They Call Him the 'Codfather.' It's Not Exactly a Compliment

Carlos Rafael has become rich using unsavory methods—but is there another way?
By Jenn Gidman,  Newser Staff
Posted Jan 11, 2017 2:48 PM CST
Updated Jan 15, 2017 7:05 AM CST
Taking on New England's 'Codfather'
Fishing drama in a New England port.   (Getty Images/Ken Wiedemann)

Almost as soon as the profanity-hurling fisherman sporting an electronic bracelet sauntered into the fish auction, Brendan Borrell knew he was seeing the Codfather. In his piece for Hakai Magazine, Borrell dives into the murky waters around Carlos Rafael, the 65-year-old he describes as "the most powerful man" in New Bedford, Mass, the most lucrative fishing port in the US. Rafael's fishing empire, said to be worth around $100 million, controls about 20% of New England's cod quota, all the more compelling considering that Borrell is out on $2 million bail as he prepares to face charges of lying to the government about catching hundreds of tons of fish, then allegedly trying to smuggle them into Portugal. Borrell places Rafael's story in context by first detailing his emigration from Portugal to America at the age of 15, starting out as a novice fish-cutter along Massachusetts' shores.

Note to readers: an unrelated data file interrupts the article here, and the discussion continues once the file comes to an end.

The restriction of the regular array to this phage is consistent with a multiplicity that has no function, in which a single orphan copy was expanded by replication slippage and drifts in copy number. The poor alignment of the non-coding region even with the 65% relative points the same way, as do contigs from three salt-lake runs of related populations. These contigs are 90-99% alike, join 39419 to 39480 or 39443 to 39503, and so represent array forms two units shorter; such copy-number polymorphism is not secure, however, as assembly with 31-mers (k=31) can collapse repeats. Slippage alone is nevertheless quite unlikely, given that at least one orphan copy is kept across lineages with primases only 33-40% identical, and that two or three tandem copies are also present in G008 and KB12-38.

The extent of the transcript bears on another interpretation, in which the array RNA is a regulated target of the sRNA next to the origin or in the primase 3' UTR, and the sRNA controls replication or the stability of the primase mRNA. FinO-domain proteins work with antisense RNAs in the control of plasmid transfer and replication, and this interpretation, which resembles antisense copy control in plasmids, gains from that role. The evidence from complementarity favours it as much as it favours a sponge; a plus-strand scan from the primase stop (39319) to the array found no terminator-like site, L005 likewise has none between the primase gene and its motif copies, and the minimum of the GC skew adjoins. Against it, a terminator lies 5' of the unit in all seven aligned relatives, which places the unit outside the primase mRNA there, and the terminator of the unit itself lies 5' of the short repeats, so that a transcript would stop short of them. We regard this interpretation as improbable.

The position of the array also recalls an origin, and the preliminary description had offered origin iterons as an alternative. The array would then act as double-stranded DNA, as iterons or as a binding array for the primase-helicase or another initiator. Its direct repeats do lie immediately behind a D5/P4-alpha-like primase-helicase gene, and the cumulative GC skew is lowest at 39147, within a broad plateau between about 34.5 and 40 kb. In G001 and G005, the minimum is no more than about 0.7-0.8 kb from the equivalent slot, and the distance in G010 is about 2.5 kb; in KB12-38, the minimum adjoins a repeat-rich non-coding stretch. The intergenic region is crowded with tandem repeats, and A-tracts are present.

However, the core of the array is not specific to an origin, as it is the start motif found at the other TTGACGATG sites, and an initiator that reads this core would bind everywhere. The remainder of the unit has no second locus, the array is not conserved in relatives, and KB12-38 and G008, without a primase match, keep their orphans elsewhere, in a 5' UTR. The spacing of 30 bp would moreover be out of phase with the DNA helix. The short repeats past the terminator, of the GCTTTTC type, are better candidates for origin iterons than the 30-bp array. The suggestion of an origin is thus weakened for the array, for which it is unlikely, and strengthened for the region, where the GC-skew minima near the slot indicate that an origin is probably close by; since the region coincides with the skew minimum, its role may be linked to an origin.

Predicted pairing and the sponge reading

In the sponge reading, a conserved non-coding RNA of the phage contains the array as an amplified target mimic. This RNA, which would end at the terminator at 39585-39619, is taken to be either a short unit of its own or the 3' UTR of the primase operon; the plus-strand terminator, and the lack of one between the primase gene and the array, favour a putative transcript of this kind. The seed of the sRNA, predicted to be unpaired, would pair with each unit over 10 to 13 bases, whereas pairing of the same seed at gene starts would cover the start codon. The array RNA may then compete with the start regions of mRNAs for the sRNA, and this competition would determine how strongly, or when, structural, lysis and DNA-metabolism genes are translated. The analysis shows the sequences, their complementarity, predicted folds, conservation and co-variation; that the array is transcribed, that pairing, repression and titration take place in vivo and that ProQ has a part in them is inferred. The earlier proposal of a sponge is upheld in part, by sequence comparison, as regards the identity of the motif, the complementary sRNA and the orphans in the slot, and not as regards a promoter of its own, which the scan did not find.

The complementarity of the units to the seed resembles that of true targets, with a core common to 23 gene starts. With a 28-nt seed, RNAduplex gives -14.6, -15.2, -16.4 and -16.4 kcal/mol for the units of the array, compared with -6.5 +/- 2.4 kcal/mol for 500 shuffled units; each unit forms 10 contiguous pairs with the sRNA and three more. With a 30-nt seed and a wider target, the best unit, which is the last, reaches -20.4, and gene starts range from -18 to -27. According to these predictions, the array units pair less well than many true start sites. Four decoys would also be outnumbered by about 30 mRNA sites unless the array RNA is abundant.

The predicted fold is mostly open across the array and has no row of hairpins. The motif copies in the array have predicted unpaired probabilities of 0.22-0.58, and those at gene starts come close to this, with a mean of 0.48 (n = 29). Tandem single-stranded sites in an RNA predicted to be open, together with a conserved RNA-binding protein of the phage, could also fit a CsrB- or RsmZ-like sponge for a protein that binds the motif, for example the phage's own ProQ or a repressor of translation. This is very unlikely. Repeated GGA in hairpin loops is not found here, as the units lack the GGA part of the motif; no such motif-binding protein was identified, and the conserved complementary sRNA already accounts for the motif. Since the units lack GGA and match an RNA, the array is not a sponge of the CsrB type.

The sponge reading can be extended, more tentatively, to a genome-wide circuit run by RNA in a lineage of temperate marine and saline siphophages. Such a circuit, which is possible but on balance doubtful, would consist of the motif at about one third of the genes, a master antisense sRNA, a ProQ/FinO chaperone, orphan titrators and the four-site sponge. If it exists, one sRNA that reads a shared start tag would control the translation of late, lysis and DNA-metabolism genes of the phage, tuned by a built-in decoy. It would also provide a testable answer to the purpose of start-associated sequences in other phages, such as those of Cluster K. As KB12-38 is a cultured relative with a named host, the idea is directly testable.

Rafael eventually started the successful Carlos Seafood, where "tell him he can go f--- himself, the fish is fine" can be a standard reply to unhappy customers. Rafael's self-described "wheelin' and dealin'" at auctions, accumulating fishing violations, and exploiting a catch-shares management system for fishermen became his MO, with one exec saying his unsavory tactics have given the industry a "big, fat black eye." But Borrell wonders if "any law-abiding fishermen can profit under current regulations," which have made the fishing industry challenging. A local paper, though, notes the industry "will be stronger, more stable, and more sustainable without Mr. Rafael's corrupting influence" if he goes to prison. Rafael might just shrug that off. "I am a pirate," Rafael once said to regulators. "It's your job to catch me." More on Rafael's whale of a tale. (More Longform stories.)

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